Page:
Suddenly, this person started running toward me, not in a sprint-like fashion, but with hands in pockets, head down, and shuffling forward at a steady pace.

My internal dialogue kicked up a notch. Something about this did not seem right. Why was she running? Was she being chased? There was no one behind her. As she got within ten feet of me, I yelled: “Stop!”

The person jerked to a halt and stared at me, revealing the only part of her face that wasn’t covered.

I was right, it was a woman, and she was breathing heavily. She pulled down the bottom half of a balaclava hidden behind her scarf.

“I’m sorry I yelled at you,” I said. “You were coming at me so quickly I was afraid you would barrel into me. Are you okay?”

She fidgeted on the spot, as if she was restless after coming to such an abrupt stop. “I didn’t see you. My eyesight’s not what it used to be.”

Her voice was like playing an old record album, scratchy and full of static. I noticed her hands shaking. “You must be cold, is that why you were running?”

The woman shook her head. “I’m always cold.” She pulled the balaclava back up and adjusted her scarf more securely around her collar. “I was trying to outrun a demon, that’s all.”

My mouth dropped open but no words came out. Outrun a demon? What was she talking about? This woman was definitely not of right mind. “I see …” I said, surveying her discreetly. Aside from her voice, it was impossible to learn more about her considering she was covered from head to toe. “I’m headed back to my cabin. Is your place nearby?”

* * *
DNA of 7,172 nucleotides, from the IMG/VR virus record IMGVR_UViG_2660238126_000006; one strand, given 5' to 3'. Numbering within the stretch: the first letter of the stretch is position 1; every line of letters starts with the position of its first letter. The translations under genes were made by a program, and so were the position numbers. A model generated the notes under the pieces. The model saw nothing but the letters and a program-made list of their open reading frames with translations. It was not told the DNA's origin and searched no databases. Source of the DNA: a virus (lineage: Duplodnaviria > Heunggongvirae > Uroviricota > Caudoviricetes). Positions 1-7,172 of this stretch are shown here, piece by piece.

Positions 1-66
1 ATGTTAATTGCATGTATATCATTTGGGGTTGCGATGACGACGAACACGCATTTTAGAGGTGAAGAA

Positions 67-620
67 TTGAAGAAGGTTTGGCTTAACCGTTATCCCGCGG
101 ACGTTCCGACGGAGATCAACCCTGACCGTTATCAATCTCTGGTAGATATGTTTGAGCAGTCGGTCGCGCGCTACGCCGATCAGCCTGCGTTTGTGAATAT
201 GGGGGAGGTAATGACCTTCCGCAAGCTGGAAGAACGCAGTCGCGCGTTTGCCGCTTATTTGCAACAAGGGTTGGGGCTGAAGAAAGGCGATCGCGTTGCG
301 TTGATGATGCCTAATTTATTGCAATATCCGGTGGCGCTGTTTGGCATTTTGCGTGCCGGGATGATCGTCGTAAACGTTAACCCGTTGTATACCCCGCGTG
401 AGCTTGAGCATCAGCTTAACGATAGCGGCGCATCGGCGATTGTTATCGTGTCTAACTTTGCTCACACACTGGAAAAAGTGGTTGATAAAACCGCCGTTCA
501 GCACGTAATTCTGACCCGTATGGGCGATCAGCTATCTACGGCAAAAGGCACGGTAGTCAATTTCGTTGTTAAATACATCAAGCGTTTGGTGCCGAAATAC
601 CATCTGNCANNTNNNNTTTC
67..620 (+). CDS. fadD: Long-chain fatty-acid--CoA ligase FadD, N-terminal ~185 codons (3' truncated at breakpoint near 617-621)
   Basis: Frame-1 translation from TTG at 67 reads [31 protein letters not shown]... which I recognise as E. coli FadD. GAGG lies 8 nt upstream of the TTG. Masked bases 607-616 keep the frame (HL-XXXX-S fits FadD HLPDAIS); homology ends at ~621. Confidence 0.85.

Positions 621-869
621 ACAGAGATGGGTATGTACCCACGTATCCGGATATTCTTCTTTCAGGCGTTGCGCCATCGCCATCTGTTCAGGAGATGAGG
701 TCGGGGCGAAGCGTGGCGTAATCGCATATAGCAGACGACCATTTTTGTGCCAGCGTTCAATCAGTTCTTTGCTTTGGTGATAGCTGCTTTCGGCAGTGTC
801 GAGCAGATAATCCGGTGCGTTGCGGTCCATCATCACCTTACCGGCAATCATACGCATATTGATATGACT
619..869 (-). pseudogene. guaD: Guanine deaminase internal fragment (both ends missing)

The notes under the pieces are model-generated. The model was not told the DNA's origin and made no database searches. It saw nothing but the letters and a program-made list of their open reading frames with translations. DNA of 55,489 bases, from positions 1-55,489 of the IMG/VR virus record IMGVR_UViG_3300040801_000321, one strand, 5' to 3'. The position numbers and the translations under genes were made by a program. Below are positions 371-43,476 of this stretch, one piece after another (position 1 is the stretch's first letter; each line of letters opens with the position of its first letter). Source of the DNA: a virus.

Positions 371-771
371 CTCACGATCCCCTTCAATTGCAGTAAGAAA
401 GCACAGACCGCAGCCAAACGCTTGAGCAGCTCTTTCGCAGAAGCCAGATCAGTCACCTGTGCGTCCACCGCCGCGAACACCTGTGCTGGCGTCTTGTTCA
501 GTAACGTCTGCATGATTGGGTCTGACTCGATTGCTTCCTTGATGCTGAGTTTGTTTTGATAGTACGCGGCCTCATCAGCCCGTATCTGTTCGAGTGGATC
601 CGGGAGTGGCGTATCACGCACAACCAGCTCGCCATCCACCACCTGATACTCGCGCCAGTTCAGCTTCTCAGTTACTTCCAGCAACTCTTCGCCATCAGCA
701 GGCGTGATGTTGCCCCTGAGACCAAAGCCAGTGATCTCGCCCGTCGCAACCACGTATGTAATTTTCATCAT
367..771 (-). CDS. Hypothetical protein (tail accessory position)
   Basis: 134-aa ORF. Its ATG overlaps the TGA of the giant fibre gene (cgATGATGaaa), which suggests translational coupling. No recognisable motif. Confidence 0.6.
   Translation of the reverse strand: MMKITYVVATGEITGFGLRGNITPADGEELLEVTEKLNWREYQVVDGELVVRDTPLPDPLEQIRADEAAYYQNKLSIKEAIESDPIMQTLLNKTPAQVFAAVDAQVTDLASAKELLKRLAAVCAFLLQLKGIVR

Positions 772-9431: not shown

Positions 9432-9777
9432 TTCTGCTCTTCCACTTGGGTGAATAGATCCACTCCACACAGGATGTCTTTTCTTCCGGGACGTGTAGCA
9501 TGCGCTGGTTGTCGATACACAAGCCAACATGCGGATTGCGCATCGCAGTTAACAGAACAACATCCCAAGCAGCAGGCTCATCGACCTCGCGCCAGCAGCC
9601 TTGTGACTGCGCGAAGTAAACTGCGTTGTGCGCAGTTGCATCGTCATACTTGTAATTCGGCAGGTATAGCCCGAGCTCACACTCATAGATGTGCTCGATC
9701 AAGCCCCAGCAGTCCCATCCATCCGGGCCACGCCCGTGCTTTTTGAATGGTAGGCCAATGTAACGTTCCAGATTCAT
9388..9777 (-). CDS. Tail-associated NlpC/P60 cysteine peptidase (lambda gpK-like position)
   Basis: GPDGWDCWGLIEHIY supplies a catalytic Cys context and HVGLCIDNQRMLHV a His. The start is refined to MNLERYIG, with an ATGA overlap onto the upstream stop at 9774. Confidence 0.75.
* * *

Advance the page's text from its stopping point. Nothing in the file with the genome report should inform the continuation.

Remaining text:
“It’s down there.” She wagged her chin in the general direction of the town.

Her vague response worried me, but I had to trust my instincts without alcohol, shaky as they were. Was she lost? Elderly people with dementia wandered from home all the time in the city. Maybe that’s what happened to her. “Can I walk you home?” I said. “The sun will be setting shortly, so it’s only going to get colder.”

She shook her head once more. “You can’t walk me home. I live in the lake and I must return there before it freezes over completely.”

Her words chilled my already cold bones. “Please.” I offered my hand. “Why don’t you take my arm and we can go to my place? It’s not far. I’ll make us a cup of tea, and I can drive you back to your house.”

“That won’t be necessary.” She took an unsteady step forward. I reached out to grab her, but it was too late.

She fell silently into the abyss just as the sky darkened. I awoke to the sound of my own scream.

Sweat mixed with tears ran down my face. With my pyjamas completely soaked, it felt like a tiny lake beneath me. I wondered if I would ever be able to outrun the demon.

Your comments, questions are always welcome! More of my stories can be found under Free Reads.

~eden*

16 thoughts on “THE DEMON DRINK ~ A story for @RBwood’s #WordCountPodcast

  1. Just beautiful. LOVE your writing; I always have. So happy you are writing again, as I know you know! 🙂